We are overworked and underpaid, and the middle and lower classes suffer disproportionately. The gap between people causes them to fear each other and grow emotionally distanced. In our panic, we cease to think rationally and look for an easy fix in medication.

        We need to address the roots of the problem so we can move forward instead of over-medicating.

      • Jane says:

        Hello Susan, I’m sorry to hear about your grandson, I am currently experiencing a nearly identical situation with a loved one. Ive wondered if the medication given to him in ER made him worse also. I’m also wondering if the current medication is hurting or helping. I would love to connect with you for resources, and information. After several hospitalizations, we are at a loss of what to do next. I would really appreciate if you could email me kjtak456@gmail.com I hope your grandson is recovering well

    • Lisa says:

      I know the use of cannabis is controversial but I think most people would agree the use of it in adolescent brains and even the early 20s can’t be good. I would be interested in Dr. Amen”s thoughts on this topic.

  2. Eytan says:

    3. Drugs…

  3. Nanette Glencer says:

    I firmly believe that poor diet is a big factor. Processed food and fast food deprive the brain of necessary nutrients for proper functioning. I have read and watched Dr Drew Ramsey. He gave a great TED Tlak and has written “The Happiness Diet” and “Eat Complete” which I have read. He also has written “Fifty Shades of Kale” which I have not read. He is a diplomate of the American Board of Psychiatry and Neirology and an organic farmer. As a school administrator, i am shocked by the food that children bring to school for lunch. I can’t believe that food is not a huge factor.

    • Dawn says:

      I agree- i think The additives in our food, plastics, gmo’s are affecting our dna. Also tech use, emfs. Processed foods. It’s scary what is allowed in our foods.

  4. Daniel McKinley says:

    Really? Not the political and economic rerun of the 30s, only with cartoonishly idiotic leaders? Not the fact that we’re coming of age during the rapidly accelerating 6th mass extinction?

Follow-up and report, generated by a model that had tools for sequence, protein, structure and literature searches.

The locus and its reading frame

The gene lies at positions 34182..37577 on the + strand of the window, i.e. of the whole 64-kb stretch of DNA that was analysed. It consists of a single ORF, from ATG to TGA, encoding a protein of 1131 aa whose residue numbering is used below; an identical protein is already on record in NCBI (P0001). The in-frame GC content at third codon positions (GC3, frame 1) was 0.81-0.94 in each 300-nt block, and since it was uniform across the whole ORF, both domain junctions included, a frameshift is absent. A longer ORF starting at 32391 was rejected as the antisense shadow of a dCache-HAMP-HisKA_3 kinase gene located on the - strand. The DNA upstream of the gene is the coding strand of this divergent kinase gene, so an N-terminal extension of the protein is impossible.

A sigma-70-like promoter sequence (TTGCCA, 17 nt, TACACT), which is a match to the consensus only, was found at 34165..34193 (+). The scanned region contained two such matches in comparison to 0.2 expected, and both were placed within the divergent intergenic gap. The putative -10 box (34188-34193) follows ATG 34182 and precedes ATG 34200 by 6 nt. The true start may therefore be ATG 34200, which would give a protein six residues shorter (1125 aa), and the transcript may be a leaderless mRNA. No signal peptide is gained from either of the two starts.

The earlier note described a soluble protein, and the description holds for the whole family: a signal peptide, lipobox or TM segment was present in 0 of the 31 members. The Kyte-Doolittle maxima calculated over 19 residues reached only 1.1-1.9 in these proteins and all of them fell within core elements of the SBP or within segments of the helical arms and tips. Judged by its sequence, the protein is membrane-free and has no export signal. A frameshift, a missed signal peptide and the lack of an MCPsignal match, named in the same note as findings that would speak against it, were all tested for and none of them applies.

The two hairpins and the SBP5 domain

Sleeping better and using tech more judiciously aren’t going to substantially affect the material conditions that are the main drivers of legitimate demoralization (usually misdiagnosed as depression), and the primary causes of our pandemic of anxiety. Ignoring the elephants in the room is bad for your credibility. Sure, we should work on sleep and tech hygiene. But those are already symptoms of the absolute catastrophe we’re living through. They’re proximate causes AT BEST. And pathologizing the effects of societal breakdown as individual failures (as in “you’re mentally ill because you’re on your phone all the time and don’t sleep enough”) further contributes to the already-rampant alienation that is absolutely fostered by these tech-centric lives that have been foisted upon us by the demands of the market.

    • Bob Connolly says:

      So you think “idiotic leaders” and a coming “mass extinction” are “material conditions”? Perhaps they’re just your take on the world. Though correlation is not causation a clear link has been shown between teen cell phone use and depressionfrom the time social media on cell phones appeared. And defending tech companies which as you say foisted this upon kids in order to make massive profits probably isn’t wise. In fact getting enough sleep is a major problem and you come off as a tech company spokesman downplaying the importance of sleep. Maybe kids should stay up and play with their cell phones instead. Good idea.. Not.